Saturday, March 19, 2011

Cozy Log Cabin

Okay. I did it again. I thought I had decided I didn't need any more quilts but apparently 'need' is not a requirement. This latest addition is thanks to my friend Lenna  ('picker' extraordinaire aka Search and Rescue Queen) who found it, thought to herself, "That's a  Jean quilt" and bought it so it wouldn't get away! She was right - it's the time period I am most drawn to - turn of the 20th century up to the 30's. It's loaded with various indigos, checks, stripes, mourning prints, clarets and other later prints. I love the casual placement of stripes, plaids and checks; cut and placed however they work. It gives the quilt a sense of movement and joy. Have you ever tried to do that on one of your quilts? I find it difficult having been so influenced by the patterns, classes and rules of today.
It is tied with blue crochet thread and a striped blanket is used for fill. It's softly worn, that's for sure, with a few repairs needed at one end. The back is brought to the front....and appears to be the plain feed sack fabric that I associate with drying dishes when I was a kid.
My aunt Agnes (1900-1981)  loved the log cabin design. She made many of them as wedding gifts for her nieces and nephews. I am lucky enough to have her original 1929 copy of Old Patchwork Quilts and the Women Who Made Them by Ruth Finley in which she has penciled the dimensions of "Jean's Quilt" - (the one she made of my old clothing scraps for my wedding gift) as well as the cardboard template she used to trace the shape. I wonder what she'd think of the rotary cutter!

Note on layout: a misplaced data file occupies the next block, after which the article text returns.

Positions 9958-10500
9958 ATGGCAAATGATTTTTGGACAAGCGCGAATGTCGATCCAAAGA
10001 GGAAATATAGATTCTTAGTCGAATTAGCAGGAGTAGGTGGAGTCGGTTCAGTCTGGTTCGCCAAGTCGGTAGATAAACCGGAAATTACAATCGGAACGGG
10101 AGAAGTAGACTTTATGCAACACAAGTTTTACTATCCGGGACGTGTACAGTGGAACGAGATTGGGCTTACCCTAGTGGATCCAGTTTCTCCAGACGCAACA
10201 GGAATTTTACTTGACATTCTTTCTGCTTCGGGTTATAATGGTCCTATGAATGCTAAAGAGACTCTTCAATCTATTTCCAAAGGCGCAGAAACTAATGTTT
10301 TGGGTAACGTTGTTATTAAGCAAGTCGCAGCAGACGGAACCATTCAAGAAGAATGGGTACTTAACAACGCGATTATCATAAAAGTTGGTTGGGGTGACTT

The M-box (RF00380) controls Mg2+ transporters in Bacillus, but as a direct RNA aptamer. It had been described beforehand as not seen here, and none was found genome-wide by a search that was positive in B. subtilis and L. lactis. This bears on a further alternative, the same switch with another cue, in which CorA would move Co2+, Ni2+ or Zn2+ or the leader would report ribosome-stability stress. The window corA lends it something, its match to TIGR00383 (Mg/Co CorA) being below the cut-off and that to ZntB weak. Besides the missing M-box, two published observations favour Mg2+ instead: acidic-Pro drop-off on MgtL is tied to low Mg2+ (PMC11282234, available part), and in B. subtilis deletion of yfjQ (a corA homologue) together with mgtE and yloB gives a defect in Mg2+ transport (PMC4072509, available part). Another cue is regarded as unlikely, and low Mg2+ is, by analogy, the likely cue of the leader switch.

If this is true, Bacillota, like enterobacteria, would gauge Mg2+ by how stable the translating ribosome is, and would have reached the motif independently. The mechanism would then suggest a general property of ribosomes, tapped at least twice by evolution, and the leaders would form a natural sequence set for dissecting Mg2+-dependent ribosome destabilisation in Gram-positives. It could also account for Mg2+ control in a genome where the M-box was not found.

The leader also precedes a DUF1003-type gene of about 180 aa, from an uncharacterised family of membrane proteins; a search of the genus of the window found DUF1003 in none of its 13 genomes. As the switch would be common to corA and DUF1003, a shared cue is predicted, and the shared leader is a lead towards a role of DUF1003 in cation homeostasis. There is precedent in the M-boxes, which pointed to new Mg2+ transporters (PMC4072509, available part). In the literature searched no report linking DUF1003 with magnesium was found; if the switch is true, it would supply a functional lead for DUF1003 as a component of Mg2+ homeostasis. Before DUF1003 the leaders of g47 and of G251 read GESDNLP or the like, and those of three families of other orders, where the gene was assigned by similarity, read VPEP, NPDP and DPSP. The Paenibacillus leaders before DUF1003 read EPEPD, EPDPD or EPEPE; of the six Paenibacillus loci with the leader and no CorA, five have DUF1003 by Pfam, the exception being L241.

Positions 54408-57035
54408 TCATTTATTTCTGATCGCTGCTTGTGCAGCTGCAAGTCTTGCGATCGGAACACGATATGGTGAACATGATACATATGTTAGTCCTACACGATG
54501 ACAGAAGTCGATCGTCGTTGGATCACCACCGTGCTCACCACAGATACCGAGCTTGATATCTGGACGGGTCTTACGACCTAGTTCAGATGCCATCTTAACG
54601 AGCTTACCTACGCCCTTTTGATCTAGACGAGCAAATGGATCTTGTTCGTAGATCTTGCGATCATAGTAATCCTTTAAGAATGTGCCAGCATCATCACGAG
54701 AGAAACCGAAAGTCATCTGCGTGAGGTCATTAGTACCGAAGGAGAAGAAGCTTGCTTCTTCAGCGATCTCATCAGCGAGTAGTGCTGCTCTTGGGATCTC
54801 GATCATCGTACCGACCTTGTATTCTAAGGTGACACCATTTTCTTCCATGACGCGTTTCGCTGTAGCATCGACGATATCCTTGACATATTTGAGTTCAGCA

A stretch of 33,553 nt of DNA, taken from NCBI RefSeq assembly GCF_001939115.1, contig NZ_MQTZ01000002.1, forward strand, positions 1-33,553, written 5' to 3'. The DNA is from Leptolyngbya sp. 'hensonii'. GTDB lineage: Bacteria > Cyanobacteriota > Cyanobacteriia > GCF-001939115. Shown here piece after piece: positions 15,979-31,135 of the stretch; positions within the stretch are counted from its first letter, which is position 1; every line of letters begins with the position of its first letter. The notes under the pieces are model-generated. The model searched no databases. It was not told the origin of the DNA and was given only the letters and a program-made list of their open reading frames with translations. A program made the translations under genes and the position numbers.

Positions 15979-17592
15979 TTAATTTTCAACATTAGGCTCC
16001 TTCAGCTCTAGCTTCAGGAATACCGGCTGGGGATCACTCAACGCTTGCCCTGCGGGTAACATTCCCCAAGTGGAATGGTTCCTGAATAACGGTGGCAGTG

I couldn't sleep last night so I headed for the couch and guess what, this baby put me right to sleep. It's not a REAL quilt until it passes the sleep test, you know!  I love sleeping under all quilts but the soft oldies really are the best. Toss those sleeping pills....let's honor these 'worn but worthy' treasures. They are affordable and looking for a good home.


  1. Aren't you afraid of germs from a second-hand old quilt? Is that a silly question??

  2. No. That's not a silly question. Old quilts can certainly harbor lots of undesireable and unidentifiable things. I do think about that and judged this quilt to be recently passed the 'sniff' test! If I were not 'on the road' I would perhaps have picked something else to throw over me... but it was so available since I'd just bought it. Good question!

  3. I love this quilt.

    And in answer to Laurel if you are worried, just freeze the quilt in a plastic bag (so it doesn't get damp) and take it out gently 24 hours later, don't touch it until it has had time for even the centre to reach room temperature. This is how you can 'clean' up things for ashtmatics.

    They used a steamer on quilts in the red and white exhibition in New York so that's another way to be sure.


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